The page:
HEALTHBEAT4: Reflux risk factor - KTIV News 4 Sioux City IA: News, Weather and Sports

HEALTHBEAT4: Reflux risk factor


Anyone who's suffered from acid reflux knows it's not pleasant.

Sometimes, what we eat can be to blame.

But, there's also another risk factor that can increase the chances of ending up with GERD.

"At least half of the population has taken reflux medicine at one time or another," Dr. Adi Gupta, a surgeon with Tri-State Specialists said.

Heartburn's a common condition and new studies show even more prevalent in people who need to lose weight.

"Obesity causes increased abdominal pressure with the fat. It forces open the diaphragm and therefore it leads to more reflux. So, it's a mechanical problem it kind of forces things up into the chest more," said Dr. Gupta.

Dr. Adi Gupta with Tri-State Specialists conducted extensive research on GERD or Gastroesophageal Reflux Disease .

He says it not only impacts a person's physical well-being, but emotional well-being.

That's a pretty bold statement. But, if you think about it.. hypertension and diabetes are like silent killers. But, reflux you feel it all of the time that pain behind the chest going up through the throat," said Gupta.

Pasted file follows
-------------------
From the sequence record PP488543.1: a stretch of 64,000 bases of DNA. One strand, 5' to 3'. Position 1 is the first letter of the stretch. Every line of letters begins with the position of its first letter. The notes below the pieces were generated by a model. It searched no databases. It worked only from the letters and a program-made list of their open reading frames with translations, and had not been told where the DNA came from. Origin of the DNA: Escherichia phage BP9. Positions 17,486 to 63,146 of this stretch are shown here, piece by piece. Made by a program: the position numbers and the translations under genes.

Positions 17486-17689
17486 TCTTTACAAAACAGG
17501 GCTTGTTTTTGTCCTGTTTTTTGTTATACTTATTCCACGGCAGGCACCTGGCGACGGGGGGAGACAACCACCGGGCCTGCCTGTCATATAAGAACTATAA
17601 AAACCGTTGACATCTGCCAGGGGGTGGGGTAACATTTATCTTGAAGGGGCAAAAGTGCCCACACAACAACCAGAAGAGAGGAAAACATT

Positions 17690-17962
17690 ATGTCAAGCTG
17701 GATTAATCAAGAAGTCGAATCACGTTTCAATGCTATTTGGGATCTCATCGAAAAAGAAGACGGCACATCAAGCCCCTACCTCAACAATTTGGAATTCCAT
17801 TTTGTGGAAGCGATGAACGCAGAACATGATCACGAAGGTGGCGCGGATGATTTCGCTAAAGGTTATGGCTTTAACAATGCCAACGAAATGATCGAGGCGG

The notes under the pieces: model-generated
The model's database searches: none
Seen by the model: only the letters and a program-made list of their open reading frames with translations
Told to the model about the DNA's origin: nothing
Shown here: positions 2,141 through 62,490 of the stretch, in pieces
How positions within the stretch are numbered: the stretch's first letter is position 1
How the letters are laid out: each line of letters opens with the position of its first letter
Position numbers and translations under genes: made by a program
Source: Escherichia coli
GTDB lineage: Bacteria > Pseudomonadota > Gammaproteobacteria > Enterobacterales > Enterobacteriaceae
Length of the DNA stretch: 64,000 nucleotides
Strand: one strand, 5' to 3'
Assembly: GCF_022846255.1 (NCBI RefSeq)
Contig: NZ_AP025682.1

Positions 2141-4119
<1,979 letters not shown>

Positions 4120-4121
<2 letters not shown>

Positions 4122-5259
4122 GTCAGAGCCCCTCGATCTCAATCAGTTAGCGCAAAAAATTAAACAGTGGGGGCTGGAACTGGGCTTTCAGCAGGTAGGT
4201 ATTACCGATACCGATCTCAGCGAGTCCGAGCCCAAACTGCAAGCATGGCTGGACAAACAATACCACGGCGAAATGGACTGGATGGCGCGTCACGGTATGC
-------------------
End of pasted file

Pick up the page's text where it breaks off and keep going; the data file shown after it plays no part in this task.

If untreated GERD can lead to something even more severe.

"This is the important thing.. there is a definite link between GERD and cancer. People with GERD for more than five years even if it's controlled need to get tested and get an endoscopy."

And, if medication doesn't work or the condition progresses surgery could be the next option.

"It works very well. Studies have shown that it works in 90% of people over ten years. So, they don't need medications anymore. People usually get out of the hospital the next day much like a gall bladder surgery."

Dr. Gupta isn't just an expert on GERD.

"I take the occasional nexium or the Tums," said Dr. Gupta.

He also suffers from the condition.

"I want to spread awareness about it.. it is there don't ignore it. If you're taking medicine it's good if it's controlling it but I would definitely follow up with my primary care physician."

Dr. Gupta says long term use of medication can cause calcium and iron deficiencies.

And, here's a warning sign you might no be aware of. If you cough or have asthma-like symptoms at night it could be related to acid reflux.


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